Jurisprudence is one of the compulsory standard subjects within the Final Honour School syllabus. It is, however, taught and examined in a distinctive way (see below).

Jurisprudence, in the sense relevant to this subject, is the philosophy of law. In studying it you will learn to reflect in a disciplined and critical way on the nature, role, and importance, of legal systems, legal reasoning, and legal institutions, often using examples from other parts of your law studies. By choosing a suitable ‘mini-option’ (see below) you could also examine the philosophy of a particular area of law such as criminal law or tort law.

Teaching: In the second year of the Final Honour School your Jurisprudence teaching will be as follows:

(i) Core topics:   You will have six tutorials covering some core topics in philosophy of law, in the traditional way.

(ii) Mini option: You will then choose a mini-option from a list that the teaching group will provide. The mini-options will be taught in classes and you will not necessarily be taught by the same person who was your tutor for the core topics.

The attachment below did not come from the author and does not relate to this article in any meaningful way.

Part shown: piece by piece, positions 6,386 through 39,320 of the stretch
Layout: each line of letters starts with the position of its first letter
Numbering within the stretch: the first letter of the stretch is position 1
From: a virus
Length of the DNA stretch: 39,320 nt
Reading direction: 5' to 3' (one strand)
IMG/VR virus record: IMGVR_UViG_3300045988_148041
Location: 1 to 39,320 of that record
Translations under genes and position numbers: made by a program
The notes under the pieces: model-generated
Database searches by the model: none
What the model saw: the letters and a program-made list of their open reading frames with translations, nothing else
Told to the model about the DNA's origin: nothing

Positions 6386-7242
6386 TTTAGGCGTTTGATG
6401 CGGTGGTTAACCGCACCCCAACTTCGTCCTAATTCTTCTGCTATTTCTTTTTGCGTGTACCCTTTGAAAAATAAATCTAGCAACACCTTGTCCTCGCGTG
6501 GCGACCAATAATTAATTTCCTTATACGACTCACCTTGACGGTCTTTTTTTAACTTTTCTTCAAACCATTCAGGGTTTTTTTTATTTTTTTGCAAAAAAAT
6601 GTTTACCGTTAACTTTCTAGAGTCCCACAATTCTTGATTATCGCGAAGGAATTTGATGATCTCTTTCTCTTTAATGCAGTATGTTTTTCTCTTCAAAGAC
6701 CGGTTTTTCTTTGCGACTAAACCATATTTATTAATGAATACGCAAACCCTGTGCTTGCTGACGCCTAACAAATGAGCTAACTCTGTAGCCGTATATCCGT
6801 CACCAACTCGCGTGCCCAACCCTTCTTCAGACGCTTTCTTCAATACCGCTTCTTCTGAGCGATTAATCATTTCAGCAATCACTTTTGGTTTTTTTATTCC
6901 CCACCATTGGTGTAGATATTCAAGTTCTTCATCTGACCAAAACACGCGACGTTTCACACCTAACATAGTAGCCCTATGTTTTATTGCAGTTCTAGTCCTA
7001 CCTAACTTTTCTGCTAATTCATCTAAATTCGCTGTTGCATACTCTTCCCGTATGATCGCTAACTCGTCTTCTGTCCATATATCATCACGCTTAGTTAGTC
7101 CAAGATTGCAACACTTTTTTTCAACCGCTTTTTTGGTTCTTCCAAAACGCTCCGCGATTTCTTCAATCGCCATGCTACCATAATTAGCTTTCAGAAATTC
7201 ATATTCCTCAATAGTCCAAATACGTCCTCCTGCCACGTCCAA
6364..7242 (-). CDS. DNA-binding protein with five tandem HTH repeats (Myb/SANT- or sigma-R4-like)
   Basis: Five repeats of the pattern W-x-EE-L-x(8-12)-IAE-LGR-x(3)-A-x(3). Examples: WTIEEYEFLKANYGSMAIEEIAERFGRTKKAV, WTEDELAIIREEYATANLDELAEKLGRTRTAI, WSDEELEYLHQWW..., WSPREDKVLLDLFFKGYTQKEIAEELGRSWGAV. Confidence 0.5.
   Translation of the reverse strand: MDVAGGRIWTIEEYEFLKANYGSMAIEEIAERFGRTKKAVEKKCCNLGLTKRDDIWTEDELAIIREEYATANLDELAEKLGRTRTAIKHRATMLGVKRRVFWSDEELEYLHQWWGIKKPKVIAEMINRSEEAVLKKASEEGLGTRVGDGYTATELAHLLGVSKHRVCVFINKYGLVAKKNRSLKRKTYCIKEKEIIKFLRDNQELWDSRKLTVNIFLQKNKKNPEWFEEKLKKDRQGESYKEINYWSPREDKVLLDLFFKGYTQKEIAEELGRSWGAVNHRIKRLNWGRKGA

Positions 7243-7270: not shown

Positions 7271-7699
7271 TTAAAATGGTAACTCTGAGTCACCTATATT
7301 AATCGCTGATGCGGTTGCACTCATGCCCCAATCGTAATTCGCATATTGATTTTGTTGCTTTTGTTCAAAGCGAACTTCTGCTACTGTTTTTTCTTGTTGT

Authoritative guidance on the range of topics in the core will be issued in Michaelmas Term, together with an indicative list of mini-options. You will choose your mini-option from a finalized list in HT or TT of your second year, when you are studying Jurisprudence (all Jurisprudence tutorials take place in HT and/or TT of the second year).


Core topics: your Jurisprudence unseen written examination (at the end of your final year) will take a new form. Instead of our traditional finals paper taking three hours and requiring you to answer three out of sixteen questions, your finals paper will take two hours and will require you to answer two out of ten questions. This examination paper will cover only core topics on the tutorial syllabus.

 Mini option: your mini-option will be examined by an essay that you must write in your own time during the summer vacation at the end of your second year (this applies to Law with Law Studies in Europe students too). You will be provided near the end of TT with a list of questions arising from your mini-option and you will choose one to answer. The essay writing will be unsupervised. However guidance on what is expected will be given, including one or more classes on how to write an essay for assessment.

 Arrangements for lectures and other teaching will be explained in full during the course.